Intracarotid Sodium Amobarbital Procedure (Wada)

For epilepsy surgery candidates, an intracarotid sodium amobarbital procedure (Wada) may be ordered after an EEG and before surgery.

Both the left and right side of the brain control memory. The left side of the Brain often controls the ability to listen and speak, however this is not always the case. Research tells us that individuals with abnormalities in brain development may have atypical organization of cognitive functions, which can make it difficult to predict where certain skills are located in the brain. Because of these issues, the epilepsy team will sometimes recommend that a child undergo a Wada test to determine which cerebral hemisphere controls language and memory function. The goal of the Wada is therefore to identify the side of the brain that has stronger mastery of those skills.

The results of the test has to be taken into consideration during the planning process for surgery.

For example, if a child’s seizures are originating from the right side of the brain, which is also the side of the brain with stronger language and memory skills, additional testing may be required to ensure that neurosurgeons map the safest path into the brain before surgery.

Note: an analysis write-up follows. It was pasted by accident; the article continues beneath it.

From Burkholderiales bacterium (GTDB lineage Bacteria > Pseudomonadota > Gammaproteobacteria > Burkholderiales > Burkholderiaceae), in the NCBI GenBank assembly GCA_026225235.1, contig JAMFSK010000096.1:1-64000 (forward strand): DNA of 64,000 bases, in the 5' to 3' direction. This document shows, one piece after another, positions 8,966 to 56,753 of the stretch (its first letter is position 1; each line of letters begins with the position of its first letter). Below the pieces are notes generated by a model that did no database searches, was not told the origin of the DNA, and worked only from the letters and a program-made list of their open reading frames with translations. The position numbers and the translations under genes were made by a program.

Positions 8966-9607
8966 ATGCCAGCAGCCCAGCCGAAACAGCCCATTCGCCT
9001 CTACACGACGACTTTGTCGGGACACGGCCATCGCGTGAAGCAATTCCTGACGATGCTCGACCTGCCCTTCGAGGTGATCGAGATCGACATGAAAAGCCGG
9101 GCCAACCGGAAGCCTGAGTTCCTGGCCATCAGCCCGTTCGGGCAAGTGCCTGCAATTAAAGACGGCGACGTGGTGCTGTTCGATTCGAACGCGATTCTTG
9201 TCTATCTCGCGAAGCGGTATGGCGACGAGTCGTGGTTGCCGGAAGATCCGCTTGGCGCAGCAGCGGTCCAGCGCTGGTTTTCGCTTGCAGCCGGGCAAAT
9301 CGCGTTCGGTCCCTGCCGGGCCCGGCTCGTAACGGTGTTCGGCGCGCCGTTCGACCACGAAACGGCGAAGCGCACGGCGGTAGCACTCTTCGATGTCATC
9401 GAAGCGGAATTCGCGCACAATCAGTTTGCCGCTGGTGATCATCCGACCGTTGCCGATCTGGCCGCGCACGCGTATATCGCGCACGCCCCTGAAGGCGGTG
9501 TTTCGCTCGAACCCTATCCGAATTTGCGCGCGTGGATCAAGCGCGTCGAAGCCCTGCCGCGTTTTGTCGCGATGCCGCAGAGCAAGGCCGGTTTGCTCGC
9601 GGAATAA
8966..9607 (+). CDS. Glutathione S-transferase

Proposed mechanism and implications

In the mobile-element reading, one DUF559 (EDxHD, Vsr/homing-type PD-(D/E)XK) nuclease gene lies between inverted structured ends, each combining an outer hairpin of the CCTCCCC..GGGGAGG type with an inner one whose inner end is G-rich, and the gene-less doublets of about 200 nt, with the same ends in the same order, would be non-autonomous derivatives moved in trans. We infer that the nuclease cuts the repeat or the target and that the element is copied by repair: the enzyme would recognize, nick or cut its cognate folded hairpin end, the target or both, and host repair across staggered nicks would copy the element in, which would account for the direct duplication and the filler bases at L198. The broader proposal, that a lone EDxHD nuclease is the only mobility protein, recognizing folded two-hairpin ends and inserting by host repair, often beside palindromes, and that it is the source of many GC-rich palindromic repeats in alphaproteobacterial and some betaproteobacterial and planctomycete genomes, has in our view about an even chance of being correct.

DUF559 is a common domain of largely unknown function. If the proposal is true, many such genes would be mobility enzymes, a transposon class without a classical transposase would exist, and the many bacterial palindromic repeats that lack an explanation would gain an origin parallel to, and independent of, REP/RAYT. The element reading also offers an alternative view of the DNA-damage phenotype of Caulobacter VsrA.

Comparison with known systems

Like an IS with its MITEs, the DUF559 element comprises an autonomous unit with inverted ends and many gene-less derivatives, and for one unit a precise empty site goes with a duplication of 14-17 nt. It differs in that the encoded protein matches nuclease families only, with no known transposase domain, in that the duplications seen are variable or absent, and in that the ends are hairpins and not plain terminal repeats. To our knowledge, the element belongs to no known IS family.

Before WADA

Wada tests (or intracarotid amobarbital studies) are conducted by the neuropsychologist, epileptologist and neuro-interventionalist. Prior to the procedure, you and your child will meet with the neuropsychologist to review the details of the test and rehearse how the test will be conducted. This serves to prepare your child for the procedure, and it allows the neuropsychologist to establish your child’s baseline level of functioning. Only children that can participate and are of a specific maturity can participate.

During the WADA

On the day of the Wada test, the neuro-interventionalist will perform an angiogram on your child, which requires the insertion of a catheter into the femoral artery. The catheter is subsequently maneuvered through the vascular system until it reaches one of the internal carotid arteries. Once your child is ready, a short-acting anesthetic is released into the internal carotid artery that essentially puts to sleep one half of your child’s brain for a period of 3 to 4 minutes. During this time, the epileptologist monitors the EEG to ensure that the anesthetic has the desired effect, and the neuropsychologist presents stimuli to your child, such as pictures, words, and objects. After the anesthetic wears off, the neuropsychologist test for Memory and Language by asking your child to remember object shown and to name objects or read sentences. This will be repeated on the other side after the initial side of the Brain is fully awake.

The test usually lasts approximately 30-60 minutes.

After WADA

Your child will be on bed rest with bathroom privileges for several hours in the hospital. The nurses and doctors will be checking the pulses in the leg where the catheter was inserted and will also check under the dressing.

The concept of an Epilepsy Passport should be considered as with UK child health as with the example below:

This can be easily made and modified online.